Prevent red tide? Start with more wetlands, experts say
Three Democratic federal lawmakers will work toward increasing water quality monitoring in the Gulf of Mexico and creating more wetlands to clean water flowing into the Gulf and other waterways.
U.S. Reps. Kathy Castor and Charlie Crist, and U.S. Sen. Bill Nelson crafted a preliminary action plan Wednesday after meeting with local scientists and business leaders about the ongoing impacts of red tide.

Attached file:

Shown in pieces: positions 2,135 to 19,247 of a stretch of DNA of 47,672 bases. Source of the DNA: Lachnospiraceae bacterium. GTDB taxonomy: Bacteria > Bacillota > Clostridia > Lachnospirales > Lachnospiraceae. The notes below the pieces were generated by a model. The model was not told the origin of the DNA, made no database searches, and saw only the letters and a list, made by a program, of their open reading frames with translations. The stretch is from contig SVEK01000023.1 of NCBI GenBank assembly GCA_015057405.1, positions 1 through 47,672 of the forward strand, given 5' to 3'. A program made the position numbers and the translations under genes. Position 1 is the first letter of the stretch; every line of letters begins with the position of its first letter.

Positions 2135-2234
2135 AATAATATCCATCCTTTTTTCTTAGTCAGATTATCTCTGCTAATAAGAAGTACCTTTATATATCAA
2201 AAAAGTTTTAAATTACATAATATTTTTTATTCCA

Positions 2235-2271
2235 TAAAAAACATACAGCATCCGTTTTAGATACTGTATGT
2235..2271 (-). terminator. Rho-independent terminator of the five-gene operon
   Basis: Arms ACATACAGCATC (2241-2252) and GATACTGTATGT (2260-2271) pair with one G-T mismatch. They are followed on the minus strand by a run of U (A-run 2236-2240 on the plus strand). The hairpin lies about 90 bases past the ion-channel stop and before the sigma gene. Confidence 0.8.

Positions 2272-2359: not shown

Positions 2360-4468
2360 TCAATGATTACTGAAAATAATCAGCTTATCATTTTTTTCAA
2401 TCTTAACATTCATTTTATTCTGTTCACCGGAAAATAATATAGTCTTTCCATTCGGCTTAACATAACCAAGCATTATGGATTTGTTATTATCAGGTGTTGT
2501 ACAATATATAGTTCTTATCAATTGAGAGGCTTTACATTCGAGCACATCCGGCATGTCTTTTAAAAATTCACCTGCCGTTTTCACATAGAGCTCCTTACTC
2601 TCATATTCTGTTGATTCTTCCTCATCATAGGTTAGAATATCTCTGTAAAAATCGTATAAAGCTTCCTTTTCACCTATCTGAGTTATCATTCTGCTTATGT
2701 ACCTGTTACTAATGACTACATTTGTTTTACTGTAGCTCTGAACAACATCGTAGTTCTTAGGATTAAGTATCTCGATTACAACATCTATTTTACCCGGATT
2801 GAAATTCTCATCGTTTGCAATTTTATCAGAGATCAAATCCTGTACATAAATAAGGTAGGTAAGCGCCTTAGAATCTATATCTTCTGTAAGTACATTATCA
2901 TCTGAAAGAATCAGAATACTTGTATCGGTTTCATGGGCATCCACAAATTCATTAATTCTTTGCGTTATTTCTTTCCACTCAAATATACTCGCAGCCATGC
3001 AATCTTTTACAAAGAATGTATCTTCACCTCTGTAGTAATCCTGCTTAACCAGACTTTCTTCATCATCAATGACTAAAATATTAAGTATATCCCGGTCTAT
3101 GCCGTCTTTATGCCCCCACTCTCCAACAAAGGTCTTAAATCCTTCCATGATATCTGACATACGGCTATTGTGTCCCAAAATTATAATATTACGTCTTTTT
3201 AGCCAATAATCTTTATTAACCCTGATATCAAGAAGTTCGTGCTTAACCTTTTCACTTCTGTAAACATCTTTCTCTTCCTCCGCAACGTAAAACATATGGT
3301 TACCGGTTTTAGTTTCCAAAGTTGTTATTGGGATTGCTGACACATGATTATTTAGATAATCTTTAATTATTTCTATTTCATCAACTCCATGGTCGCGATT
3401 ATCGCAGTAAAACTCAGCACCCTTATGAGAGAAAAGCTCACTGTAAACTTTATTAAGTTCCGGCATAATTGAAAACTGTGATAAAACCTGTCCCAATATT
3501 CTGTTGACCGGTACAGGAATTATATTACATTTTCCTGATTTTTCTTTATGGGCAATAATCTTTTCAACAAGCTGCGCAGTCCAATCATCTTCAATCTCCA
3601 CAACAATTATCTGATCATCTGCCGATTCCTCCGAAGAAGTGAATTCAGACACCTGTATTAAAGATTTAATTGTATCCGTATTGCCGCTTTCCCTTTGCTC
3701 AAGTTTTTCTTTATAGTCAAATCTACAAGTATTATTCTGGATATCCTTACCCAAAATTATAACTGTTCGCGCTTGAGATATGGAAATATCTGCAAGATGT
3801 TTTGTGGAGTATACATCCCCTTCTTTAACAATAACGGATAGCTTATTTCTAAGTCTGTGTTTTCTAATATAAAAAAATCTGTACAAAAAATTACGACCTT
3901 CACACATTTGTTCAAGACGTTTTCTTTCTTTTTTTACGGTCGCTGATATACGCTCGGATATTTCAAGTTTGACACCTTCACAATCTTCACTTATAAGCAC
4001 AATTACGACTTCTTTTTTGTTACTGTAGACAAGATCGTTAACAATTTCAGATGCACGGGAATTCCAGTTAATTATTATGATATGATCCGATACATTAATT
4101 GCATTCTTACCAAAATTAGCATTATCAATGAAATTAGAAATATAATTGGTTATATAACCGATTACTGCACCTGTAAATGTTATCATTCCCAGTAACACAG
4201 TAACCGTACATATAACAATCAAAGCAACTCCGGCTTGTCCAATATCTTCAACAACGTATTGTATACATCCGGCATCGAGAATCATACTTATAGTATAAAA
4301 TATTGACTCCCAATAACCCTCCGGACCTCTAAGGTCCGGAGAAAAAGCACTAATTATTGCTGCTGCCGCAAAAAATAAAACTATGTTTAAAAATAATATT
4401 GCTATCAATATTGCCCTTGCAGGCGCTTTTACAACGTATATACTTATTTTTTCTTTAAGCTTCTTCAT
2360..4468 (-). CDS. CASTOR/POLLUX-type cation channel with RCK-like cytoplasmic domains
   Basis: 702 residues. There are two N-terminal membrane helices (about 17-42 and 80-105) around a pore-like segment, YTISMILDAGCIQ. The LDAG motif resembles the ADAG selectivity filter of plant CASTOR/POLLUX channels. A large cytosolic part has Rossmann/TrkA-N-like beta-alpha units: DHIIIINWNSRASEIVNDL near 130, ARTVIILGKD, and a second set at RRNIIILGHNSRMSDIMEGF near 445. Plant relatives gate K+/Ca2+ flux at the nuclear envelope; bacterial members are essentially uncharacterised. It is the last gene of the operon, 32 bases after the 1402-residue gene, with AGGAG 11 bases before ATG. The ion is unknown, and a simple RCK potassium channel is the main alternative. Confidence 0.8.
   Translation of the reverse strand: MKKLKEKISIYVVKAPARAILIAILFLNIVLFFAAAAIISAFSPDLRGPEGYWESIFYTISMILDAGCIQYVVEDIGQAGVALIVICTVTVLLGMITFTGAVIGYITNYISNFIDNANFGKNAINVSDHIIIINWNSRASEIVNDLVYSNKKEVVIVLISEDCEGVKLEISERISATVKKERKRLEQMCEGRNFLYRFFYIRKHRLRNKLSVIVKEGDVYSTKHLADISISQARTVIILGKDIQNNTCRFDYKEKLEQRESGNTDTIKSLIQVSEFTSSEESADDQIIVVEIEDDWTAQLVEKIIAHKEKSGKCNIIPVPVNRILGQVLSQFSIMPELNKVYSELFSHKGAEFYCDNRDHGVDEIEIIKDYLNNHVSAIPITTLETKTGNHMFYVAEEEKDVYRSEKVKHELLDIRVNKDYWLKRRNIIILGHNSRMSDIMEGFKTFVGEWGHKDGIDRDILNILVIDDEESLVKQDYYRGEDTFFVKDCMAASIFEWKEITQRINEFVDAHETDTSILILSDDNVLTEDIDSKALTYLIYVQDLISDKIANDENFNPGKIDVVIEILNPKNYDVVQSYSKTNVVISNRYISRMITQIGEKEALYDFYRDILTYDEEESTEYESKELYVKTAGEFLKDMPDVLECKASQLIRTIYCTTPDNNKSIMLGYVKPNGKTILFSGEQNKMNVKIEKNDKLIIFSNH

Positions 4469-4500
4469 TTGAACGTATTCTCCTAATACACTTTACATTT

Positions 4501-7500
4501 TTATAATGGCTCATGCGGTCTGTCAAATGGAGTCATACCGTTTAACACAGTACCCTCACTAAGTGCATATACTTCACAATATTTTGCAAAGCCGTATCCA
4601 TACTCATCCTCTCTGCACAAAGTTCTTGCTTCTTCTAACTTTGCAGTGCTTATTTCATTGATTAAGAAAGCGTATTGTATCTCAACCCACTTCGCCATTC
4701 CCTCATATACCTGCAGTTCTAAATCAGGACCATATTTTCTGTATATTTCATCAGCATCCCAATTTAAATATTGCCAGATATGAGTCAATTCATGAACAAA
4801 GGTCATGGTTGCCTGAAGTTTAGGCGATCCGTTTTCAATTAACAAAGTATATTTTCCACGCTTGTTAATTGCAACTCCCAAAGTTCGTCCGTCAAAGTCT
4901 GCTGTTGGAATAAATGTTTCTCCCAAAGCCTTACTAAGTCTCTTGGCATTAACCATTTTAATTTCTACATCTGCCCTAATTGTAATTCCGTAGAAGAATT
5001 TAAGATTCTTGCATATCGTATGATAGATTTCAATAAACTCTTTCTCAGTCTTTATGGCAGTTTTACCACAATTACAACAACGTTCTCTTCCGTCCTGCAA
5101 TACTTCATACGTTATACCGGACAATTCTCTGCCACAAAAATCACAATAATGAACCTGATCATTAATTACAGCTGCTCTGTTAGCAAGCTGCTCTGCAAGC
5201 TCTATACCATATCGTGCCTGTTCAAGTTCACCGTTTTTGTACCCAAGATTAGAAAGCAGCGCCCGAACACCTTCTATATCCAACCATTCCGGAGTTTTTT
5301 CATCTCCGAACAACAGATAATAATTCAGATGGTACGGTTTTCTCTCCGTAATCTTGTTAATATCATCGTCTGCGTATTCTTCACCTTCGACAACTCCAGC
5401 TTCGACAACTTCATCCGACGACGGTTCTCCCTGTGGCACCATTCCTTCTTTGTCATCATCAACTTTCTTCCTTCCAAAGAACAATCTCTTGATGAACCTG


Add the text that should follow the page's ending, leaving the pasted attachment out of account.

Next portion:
“Even though the tourism numbers have been up … boy, this could really set us back unless we work together to address the red tide,” Castor said during a roundtable discussion in St. Petersburg on Wednesday.
Three scientists with varying areas of expertise all agreed: Red tide is a naturally occurring environmental phenomenon, but large blooms are likely fueled by warmer Gulf temperatures as the result of climate change and, possibly, by nutrient runoff from agriculture.